We can find a lot of characters that are artists in your films. In Exit Marrakech there's a musician and a theater director; in Beyond Silence a musician; in A Year Ago in Winter a painter and a dancer... Is this a tribute to art?
It is a bit, maybe, because I know more about those people than I know about a bank director. Ben's father could have been somebody else, but I have met too self-centered and vain intellectuals from the art scene, who don’t really are so excited about giving up their careers when they become parents. And I had the feeling that maybe I know more what I was talking about than if I chose to have the manager of a big oil company as my lead.
Nowhere in Africa is a film where you touch the Nazism theme. Do you think this is a must for a German filmmaker?
No. Americans always love that, but I don't think all the German filmmakers have to make a movie about Nazis. I mean, it is our history, we can ever forget it, but I was only fascinated by Nowhere in Africa because it took place in Kenya and had a family displaced. I wouldn't have made that movie if it was this typical brown uniform Germany Nazi story. I wanted to make it because I was interested in how does it feel as a lawyer or a judge to run a farm in Kenya. I think these kind of conflicts are very strong for cinema.
You won an Oscar for this movie. Where you dreaming to win it since a very long time ago?
No. I never dreamed of making movies in Hollywood.
So you didn’t think about moving to the United States after earning the award?
Well, maybe I thought about it once I won the award, but the think is I had the Oscar and my baby in the same year. I actually was offered a movie in America; a big movie based on a Somerset Maughan book which was set in the China of the thirties with great actors [she is talking about the remake of The Painted Veil, film that finally directed John Curran in 2006 starring Edward Norton and Naomi Watts]. The problem was I would have to go to China for half a year and I couldn't do that with the baby. I would do a movie in America if I really had the feeling that is a great story, with wonderful actors that I would like to get to know, but if it's just an average screenplay I don't have to do it in America, just to shoot it in America. Shooting there is not a big dream for me.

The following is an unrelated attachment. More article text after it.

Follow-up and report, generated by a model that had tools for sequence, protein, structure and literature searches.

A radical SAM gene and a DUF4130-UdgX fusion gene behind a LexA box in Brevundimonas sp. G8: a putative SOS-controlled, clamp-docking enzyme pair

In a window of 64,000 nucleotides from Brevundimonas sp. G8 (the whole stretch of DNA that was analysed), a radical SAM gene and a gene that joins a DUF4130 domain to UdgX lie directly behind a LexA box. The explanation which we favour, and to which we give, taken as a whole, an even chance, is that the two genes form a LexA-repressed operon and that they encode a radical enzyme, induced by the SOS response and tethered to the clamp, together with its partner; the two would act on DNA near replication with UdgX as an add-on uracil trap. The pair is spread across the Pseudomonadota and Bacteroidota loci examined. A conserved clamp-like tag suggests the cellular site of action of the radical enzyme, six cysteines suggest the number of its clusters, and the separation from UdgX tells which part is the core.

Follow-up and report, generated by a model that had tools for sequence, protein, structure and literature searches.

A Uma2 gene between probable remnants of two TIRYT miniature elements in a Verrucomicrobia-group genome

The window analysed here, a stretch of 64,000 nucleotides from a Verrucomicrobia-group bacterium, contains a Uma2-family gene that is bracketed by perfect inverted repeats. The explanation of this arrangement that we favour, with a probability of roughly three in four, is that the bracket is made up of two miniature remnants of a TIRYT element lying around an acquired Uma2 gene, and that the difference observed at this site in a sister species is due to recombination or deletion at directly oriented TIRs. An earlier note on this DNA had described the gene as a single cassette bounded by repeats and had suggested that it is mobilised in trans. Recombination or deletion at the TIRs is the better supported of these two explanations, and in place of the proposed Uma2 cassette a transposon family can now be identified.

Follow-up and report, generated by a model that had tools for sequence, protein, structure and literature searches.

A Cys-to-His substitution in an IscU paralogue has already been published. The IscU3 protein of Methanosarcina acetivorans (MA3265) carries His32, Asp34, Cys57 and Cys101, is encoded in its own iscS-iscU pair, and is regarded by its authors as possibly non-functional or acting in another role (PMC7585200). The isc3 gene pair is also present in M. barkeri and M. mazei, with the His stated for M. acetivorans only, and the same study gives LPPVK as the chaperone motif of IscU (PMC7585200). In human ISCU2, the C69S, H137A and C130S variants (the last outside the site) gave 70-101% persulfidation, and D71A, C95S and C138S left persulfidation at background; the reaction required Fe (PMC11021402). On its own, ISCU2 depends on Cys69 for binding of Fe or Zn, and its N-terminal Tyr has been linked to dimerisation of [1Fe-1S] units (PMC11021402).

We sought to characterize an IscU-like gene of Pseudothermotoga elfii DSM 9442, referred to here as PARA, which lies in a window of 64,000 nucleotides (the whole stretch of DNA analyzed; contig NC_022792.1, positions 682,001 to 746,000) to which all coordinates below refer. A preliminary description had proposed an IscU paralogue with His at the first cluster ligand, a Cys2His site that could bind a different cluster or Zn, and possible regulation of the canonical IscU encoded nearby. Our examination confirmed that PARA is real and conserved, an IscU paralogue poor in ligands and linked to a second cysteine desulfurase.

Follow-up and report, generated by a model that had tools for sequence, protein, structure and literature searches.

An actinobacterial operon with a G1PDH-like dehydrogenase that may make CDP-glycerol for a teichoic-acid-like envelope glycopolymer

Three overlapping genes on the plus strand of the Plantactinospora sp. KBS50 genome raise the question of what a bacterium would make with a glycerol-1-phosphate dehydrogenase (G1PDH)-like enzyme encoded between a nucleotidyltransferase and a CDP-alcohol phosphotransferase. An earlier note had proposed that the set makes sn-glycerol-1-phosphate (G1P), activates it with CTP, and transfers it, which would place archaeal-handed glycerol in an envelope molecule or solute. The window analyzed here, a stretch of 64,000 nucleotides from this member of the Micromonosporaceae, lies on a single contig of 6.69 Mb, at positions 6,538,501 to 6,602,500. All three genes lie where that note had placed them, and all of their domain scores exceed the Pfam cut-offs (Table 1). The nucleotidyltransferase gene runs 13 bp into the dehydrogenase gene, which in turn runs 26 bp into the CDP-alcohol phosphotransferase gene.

You were the second woman to earn an Academy Award winner for Best Foreign Language Film [the first one was Marleen Gorris on 1995]. After you we find Susanne Bier and Kathryn Bigelow, who won Best Director for The Hurt Locker. Do you think that the distance between the figure of the male director and the female director is getting shorter?
No, it's still a problem and I don't really know yet why. I cannot say from my point of view that men like to step me for making films. I don't think that my male colleagues or the money people are the problem in Germany. In America it might be different. I hear that studio bosses don't really believe so much of female directors. But ours is a very, very tough job and you have to work in continuity and not make one nice movie and then it's done. Every time I want to make a new movie I have to fight again. And sometimes women have, unfortunately, the tendency to give up too early, especially when they have children. Even for me who started successfully and won an Oscar, still is difficult to create this continuity of moviemaking. And I have the feeling that women tend to doubt that they are good enough, they tend to be too shy to insist. They don’t say: “I can do, it give me money”, like the guys, who step forward and say: “Give me money, it's the best movie”. And women are sometimes too humble.
In fact, you have a very strong leader in Germany, in the eyes of the rest of the world: Angela Merkel.
Oh, yes... [Laugh] But still you have a lot of racism in America despite having a black President, you know? But, yes, fortunately we have these exceptions...
Do you feel that in Europe, European Cinema is losing the battle against the American films?
Well, it will never be able to win against the American film industry, but one good thing is that it's possible to make movies today for very little money. Young filmmakers can shoot 90-minute feature films with their photo camera. And if you are willing to explore new technologies, nobody can stop you from telling stories, if these are good. They can be moving, or entertaining, or artistic, but they'll find their audiences. Maybe being able to make movies with less money it's a good thing.
Do you know which will your next project be?
I'm writing, but it's not so much... I can't talk about it yet. It's not finished.
You tend to spend between four and five years to make a film. Is this the time you need to have the story mature?
Well, it takes a while to get a film made and I have to combine this job with being a mother, so it's good for me to be at home, sometimes... [Laugh] My husband is a filmmaker too and he works very much, so we can't be gone the two of us.